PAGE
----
It's one of those world-changing events that you remember where you were when it happened.
I was in the US at the time. A friend and I were away on holiday and had been camping in Canyonlands for a few days, a beautiful, isolated place in Utah. We were just on our way out to the next stop and had stopped off at the campsite shop for a coffee and muffin. People were standing around staring at the TV screen - obviously in shock, saying "they're both gone" - the towers that is. By this time both towers had already collapsed as we were a couple of hours behind. They were just repeating over and over again the only footage they had. Repeating the little news they had, on every channel as it was all they could do.
We watched the horror as it unfolded throughout the day. Everywhere we stopped people were watching the news, glued to the screen for the latest news as the realisation that this was a terrorist attack. The pictures of the planes crashing into the buildings repeated over and over again. The third plane striking the Pentagon, Flight 93 coming down in the countryside and not hitting it's intended target. Slowly bulletins being added to as more news and pictures came in but very little sense being made of it all.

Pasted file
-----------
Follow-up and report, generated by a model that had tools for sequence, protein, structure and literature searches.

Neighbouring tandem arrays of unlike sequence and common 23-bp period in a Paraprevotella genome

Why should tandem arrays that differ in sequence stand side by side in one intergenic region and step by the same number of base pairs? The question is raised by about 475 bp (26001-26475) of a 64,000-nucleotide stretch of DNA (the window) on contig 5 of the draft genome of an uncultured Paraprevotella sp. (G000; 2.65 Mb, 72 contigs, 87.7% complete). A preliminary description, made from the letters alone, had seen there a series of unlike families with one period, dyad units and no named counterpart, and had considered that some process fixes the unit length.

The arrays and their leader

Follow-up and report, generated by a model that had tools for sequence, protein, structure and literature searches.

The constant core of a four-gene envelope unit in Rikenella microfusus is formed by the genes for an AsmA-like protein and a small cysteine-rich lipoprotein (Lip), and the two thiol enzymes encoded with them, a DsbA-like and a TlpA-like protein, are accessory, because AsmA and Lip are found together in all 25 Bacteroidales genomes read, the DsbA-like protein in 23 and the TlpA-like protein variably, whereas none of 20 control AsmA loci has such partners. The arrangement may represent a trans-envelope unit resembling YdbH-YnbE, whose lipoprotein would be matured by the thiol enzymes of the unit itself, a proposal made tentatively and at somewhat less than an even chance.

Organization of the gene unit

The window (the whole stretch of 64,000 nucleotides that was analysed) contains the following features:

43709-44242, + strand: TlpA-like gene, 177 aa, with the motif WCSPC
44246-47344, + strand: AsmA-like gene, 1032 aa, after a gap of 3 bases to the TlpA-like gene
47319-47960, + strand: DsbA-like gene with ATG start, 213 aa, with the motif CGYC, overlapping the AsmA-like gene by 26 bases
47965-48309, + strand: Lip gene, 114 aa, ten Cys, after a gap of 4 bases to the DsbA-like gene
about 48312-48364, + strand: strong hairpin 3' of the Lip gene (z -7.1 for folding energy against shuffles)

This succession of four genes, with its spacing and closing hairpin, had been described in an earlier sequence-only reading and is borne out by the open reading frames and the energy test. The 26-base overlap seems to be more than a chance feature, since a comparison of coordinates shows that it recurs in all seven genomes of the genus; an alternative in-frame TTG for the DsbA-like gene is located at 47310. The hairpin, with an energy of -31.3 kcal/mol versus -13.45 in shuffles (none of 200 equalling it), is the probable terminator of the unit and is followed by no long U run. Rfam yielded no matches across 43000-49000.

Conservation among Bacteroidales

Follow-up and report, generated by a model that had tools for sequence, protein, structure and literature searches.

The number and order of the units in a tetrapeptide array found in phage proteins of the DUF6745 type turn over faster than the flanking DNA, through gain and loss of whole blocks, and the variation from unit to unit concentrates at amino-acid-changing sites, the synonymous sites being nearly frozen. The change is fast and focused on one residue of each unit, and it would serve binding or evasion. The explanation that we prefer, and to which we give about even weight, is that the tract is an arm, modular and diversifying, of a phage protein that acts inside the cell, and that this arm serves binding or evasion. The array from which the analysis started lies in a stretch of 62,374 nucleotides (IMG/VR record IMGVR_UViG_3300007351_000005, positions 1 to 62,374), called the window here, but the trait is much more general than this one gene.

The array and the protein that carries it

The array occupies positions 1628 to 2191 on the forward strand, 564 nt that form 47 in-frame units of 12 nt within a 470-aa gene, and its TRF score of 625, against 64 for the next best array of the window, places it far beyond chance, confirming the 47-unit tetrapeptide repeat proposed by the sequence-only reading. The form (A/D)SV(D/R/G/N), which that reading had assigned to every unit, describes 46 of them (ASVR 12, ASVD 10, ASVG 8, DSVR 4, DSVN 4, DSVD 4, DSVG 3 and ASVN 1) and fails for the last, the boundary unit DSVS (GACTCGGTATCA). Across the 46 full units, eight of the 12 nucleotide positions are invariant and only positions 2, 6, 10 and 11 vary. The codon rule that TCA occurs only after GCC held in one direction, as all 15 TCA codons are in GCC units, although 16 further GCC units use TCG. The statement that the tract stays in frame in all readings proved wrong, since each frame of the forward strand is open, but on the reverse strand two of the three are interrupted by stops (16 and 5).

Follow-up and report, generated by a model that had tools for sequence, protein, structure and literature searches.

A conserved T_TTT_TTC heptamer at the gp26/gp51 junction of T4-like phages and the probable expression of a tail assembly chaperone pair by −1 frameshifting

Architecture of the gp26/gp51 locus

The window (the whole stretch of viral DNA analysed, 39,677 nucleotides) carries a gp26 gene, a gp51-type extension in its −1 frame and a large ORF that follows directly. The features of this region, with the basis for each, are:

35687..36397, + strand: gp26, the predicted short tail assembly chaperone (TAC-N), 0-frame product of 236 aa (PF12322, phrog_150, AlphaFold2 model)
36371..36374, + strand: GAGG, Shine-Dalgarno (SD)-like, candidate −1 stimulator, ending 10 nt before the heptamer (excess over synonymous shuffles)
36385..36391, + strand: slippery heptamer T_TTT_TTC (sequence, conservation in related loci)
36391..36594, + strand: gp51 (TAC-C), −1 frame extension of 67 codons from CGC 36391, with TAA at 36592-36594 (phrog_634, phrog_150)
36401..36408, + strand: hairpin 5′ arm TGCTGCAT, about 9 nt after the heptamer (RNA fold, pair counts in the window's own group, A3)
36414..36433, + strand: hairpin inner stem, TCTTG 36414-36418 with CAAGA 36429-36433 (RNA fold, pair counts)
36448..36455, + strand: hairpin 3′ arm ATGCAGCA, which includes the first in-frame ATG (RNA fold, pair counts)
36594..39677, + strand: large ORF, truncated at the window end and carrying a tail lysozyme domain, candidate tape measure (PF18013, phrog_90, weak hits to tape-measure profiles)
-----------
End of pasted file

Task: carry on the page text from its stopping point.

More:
We both had friends and colleagues who worked in one of the nearby office buildings, so there was concerned for their safety, until we finally heard they were OK. My parents had flown in to the country the day before, so I knew they were safe but it was good to talk to them anyway. It was all shocking and very emotional. Watching people desperately searching for their loved ones. Joy and tears when they were found, grief and desperation when they weren't.
Watching the documentaries and reruns this week - it's still terrible to be reminded of the loss of life and tragedy of the day. For the 2,749 lives that were lost. Their families, friends and colleagues whose lives were changed forever.